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Thousands Sent to Emergency Room by Preventable Pool Chemical Injuries


Injuries from pool chemicals led to nearly 5,000 emergency room visits in 2012, according to a study released recently by the CDC. Nearly half of these preventable injuries were in children and teenagers and more than a third occurred at a home. Pool chemical injuries were most common during the summer swim season, from Memorial Day to Labor Day, and almost half occurred on weekends.

 

“Chemicals are added to the water in pools to stop germs from spreading. But they need to be handled and stored safely to avoid serious injuries,” said Michele Hlavsa, chief of the CDC’s Healthy Swimming Program.

 

 

The study analyzed data from the U.S. Consumer Product Safety Commission’s National Electronic Injury Surveillance System (NEISS). NEISS captures data on injuries related to consumer products from about 100 hospital emergency departments nationwide. The NEISS data can then be used to calculate national estimates.

 

The most popular pool chemicals, chlorine and bromine, do not kill germs instantly; most are killed within minutes. It is important that everyone help keep germs out of the water in the first place by not swimming when ill with diarrhea and taking kids on bathroom breaks. Protect yourself by not swallowing pool water.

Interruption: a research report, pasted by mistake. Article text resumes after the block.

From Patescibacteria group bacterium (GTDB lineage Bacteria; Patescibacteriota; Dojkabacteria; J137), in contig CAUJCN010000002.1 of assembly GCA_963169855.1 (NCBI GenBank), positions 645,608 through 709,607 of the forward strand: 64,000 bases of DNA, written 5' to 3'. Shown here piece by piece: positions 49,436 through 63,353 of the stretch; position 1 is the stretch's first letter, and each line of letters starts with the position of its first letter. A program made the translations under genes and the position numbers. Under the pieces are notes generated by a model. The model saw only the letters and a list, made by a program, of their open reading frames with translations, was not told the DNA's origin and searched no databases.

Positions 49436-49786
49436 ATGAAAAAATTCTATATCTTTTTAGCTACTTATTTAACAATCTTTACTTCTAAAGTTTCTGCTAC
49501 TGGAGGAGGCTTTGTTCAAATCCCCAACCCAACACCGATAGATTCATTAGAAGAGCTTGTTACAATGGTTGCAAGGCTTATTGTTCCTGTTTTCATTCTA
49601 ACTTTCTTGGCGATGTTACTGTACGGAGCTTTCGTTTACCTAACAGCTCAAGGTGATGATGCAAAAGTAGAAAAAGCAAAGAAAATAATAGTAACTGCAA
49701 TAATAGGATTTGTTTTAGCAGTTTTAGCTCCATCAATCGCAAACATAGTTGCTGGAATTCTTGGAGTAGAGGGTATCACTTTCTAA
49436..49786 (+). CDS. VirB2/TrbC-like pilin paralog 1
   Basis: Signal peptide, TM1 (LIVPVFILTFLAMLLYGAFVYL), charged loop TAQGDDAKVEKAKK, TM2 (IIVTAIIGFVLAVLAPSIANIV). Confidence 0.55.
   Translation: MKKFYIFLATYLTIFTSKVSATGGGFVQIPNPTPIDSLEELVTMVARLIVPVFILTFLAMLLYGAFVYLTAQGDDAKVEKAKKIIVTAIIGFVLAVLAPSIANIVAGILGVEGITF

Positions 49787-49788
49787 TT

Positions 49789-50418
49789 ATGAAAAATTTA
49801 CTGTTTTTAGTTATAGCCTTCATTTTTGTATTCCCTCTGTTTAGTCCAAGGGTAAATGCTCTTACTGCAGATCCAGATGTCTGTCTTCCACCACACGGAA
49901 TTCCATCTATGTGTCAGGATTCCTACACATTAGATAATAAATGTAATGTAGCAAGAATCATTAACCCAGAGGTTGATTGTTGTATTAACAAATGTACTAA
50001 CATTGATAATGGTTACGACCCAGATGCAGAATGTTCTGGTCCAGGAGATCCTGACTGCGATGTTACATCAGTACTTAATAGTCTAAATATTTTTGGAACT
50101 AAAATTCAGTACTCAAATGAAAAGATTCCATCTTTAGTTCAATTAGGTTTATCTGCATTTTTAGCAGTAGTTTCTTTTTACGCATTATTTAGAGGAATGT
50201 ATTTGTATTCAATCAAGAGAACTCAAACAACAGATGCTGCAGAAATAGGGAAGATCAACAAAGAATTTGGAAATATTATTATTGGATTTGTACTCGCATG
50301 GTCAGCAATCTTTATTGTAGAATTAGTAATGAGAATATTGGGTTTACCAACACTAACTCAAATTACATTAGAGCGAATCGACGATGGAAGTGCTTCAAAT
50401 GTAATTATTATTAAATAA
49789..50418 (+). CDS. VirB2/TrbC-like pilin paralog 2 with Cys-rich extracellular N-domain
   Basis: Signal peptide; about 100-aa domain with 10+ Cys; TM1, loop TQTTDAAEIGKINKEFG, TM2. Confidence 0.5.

In the past two decades, there has been a substantial increase in the number of recreational water illness outbreaks associated with swimming. Cryptosporidium, which can stay alive for days even in well-maintained pools, has become the leading cause of swimming pool-related outbreaks of diarrheal illness. From 2004 to 2008, reported Crypto cases increased over 200% (from 3,411 cases in 2004 to 10,500 cases in 2008).

 

Although Crypto is tolerant to chlorine, most germs are not. Keeping chlorine at recommended levels is essential to maintain a healthy pool. However, a 2010 study found that 1 in 8 public pool inspections resulted in pools being closed immediately due to serious code violations such as improper chlorine levels.

 

Residential pool owners and public pool operators can follow these simple and effective steps to prevent pool chemical injuries:

  • Read and follow directions on product labels.
  • Wear appropriate safety equipment, such as goggles and masks, as directed, when handling pool chemicals.
  • Secure pool chemicals to protect people and animals.
  • Keep young children away when handling chemicals.
  • NEVER mix different pool chemicals with each other, especially chlorine products with acid.
  • Pre-dissolve pool chemicals ONLY when directed by product label.
  • Add pool chemical to water, NEVER water to pool chemicals.

 

See the CDC Announcement

 

 

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